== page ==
Fastest rider of the day was Edwin Crossling in a time of 2hr06 for the Epic course. For the ladies, Kim Hurst managed the Epic course in a time of 2hr37. The quickest around the Classic course were Sarnim Dean in a time of 1hr53 and junior rider Liv Bishop in a time of 2hr23. Also worth a mention was the contentious E-Bike category (on the Classic course) which was won by Hunter Chung in a time of 1hr40.
Chilling in the grass with ice cream gave way to prize giving, which was followed by what appears to be tradition in Nelson, a coin toss game to win a bike frame, this time a Coppermine 10th Anniversary custom graphic Santa Cruz Tallboy won by the lady in the purple shirt, Agnes Arnold from Rotorua! The custom graphics on the bike celebrates 10 years of Santa Cruz sponsorship of the Coppermine.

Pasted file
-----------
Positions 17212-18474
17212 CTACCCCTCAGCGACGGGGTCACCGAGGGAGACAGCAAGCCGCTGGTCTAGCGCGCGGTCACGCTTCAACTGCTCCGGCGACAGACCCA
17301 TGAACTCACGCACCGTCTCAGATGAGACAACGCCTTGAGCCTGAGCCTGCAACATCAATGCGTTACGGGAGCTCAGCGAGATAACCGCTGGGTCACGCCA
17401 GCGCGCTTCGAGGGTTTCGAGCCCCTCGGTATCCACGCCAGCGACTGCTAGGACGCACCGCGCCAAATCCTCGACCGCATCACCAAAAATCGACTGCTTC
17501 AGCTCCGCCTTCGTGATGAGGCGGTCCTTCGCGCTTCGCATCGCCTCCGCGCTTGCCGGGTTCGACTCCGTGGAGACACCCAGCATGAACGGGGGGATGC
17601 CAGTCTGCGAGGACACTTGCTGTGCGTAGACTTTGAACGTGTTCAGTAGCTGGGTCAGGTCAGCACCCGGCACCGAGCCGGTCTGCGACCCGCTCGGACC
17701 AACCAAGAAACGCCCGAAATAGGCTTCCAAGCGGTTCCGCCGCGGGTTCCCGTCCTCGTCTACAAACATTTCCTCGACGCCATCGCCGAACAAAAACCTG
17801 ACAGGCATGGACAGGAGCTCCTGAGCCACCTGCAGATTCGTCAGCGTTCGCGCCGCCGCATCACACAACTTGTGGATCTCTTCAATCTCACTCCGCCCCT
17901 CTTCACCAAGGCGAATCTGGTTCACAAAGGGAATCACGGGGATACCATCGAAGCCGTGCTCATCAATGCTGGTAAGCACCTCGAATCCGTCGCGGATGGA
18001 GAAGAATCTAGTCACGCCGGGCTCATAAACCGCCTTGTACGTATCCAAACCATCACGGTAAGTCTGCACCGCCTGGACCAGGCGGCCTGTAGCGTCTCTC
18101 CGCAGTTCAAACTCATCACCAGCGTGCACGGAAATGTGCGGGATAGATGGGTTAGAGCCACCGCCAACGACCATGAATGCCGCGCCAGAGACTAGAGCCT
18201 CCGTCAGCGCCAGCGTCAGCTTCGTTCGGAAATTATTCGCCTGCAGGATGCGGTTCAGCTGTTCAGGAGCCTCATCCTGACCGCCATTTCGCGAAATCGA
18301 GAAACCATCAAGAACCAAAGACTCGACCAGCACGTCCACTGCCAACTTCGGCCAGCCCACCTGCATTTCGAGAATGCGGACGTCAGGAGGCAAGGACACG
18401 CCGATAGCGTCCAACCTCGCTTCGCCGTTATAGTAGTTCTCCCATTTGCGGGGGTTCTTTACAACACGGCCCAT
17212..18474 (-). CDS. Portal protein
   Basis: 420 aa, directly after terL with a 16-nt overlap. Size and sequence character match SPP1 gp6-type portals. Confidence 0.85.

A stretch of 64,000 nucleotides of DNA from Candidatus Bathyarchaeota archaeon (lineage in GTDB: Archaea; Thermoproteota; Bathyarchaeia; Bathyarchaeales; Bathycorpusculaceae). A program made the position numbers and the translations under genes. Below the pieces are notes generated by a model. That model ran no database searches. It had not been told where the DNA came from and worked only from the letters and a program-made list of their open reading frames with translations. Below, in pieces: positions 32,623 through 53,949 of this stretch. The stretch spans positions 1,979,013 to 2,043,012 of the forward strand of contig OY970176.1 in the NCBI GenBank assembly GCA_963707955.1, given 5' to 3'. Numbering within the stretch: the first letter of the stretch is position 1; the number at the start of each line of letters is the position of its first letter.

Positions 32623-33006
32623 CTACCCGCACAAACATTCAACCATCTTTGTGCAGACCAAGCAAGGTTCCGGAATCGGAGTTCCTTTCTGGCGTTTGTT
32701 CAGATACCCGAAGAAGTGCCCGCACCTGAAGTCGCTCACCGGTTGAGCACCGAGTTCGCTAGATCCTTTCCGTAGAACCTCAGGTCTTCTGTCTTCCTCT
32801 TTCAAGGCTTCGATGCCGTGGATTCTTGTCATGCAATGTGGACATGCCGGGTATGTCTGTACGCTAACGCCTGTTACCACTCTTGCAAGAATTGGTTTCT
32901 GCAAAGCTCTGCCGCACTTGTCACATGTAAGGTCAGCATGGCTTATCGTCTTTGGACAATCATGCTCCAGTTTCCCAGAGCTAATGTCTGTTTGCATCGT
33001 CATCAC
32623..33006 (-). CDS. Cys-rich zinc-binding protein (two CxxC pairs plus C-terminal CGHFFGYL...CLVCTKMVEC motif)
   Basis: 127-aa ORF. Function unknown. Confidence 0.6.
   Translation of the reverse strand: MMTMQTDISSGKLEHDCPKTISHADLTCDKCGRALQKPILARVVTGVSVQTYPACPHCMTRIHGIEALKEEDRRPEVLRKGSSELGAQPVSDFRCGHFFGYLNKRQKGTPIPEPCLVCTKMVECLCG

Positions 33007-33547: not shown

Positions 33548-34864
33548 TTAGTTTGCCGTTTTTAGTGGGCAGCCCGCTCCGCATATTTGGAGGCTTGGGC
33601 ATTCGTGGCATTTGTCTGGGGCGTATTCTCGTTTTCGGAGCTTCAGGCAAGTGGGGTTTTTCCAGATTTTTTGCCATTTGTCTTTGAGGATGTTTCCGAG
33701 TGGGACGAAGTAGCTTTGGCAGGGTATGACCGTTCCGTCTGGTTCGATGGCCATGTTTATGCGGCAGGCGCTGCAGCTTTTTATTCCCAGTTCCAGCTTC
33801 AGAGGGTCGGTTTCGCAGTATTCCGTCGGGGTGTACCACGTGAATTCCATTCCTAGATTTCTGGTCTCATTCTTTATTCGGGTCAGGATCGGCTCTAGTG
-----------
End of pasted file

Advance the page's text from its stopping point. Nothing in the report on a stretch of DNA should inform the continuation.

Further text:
The Coppermine is strangely addictive, it’s no wonder that some people are back for their 10th year in a row. I’ll certainly give it another go, with a super chilled vibe and great organisation, it’s in the diary for 2018.